Though your first person narrator is telling the story, she’s not writing (or texting) it. As a result, the choices a pre-teen might make in a text aren’t necessary in the narration. In order to create the voice of a pre-teen living in text-culture, listen to those voices that exist in real life. What do you notice about their spoken communication? Consider syntax and diction. Pay attention to interactions and what they can reveal. Understanding some generalities can help you create a foundation for an individual and distinct voice.
You can emphasize this aspect of her culture in other ways. You might show her texting often. What does she choose to text and what does she save for face-to-face interactions? Consider, too, how she thinks about what she texts. She might text one thing but think something different and that discrepancy can be revealing. How she interacts with her phone can also say so much. She might, for instance, check it every few seconds after texting her friend with a question that makes her feel vulnerable. If there’s a particularly important text, you might write it out, but you don’t need to do it for every text.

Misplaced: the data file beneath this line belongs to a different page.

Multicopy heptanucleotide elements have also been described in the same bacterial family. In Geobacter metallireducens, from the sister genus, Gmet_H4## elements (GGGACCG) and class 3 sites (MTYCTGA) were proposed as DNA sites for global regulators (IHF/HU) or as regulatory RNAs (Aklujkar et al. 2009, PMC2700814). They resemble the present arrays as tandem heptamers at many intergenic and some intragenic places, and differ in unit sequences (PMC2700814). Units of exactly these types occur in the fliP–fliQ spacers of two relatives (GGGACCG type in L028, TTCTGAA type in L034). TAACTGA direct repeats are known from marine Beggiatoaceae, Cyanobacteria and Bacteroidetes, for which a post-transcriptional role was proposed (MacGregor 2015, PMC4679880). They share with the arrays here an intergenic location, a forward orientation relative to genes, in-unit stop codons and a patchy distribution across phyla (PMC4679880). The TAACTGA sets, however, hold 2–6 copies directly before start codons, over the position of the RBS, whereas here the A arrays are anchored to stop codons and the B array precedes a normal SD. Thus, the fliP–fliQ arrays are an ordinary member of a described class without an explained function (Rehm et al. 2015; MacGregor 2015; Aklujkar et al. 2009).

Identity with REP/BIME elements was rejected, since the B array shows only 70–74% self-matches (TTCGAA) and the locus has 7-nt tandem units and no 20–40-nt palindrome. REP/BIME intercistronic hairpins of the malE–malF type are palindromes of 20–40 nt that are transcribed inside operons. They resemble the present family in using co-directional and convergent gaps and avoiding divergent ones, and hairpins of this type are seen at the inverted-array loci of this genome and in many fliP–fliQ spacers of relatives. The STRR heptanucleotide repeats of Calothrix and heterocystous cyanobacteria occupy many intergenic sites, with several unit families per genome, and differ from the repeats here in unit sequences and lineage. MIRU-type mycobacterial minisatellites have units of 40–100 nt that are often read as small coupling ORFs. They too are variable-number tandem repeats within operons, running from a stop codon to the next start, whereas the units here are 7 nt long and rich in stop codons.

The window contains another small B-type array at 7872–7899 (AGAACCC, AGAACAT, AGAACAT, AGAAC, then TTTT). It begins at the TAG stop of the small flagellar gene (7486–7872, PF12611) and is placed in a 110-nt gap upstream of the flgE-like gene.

You’ll help the reader understand your narrator so much more if you focus on authenticity of voice and characterization than on spelling alterations.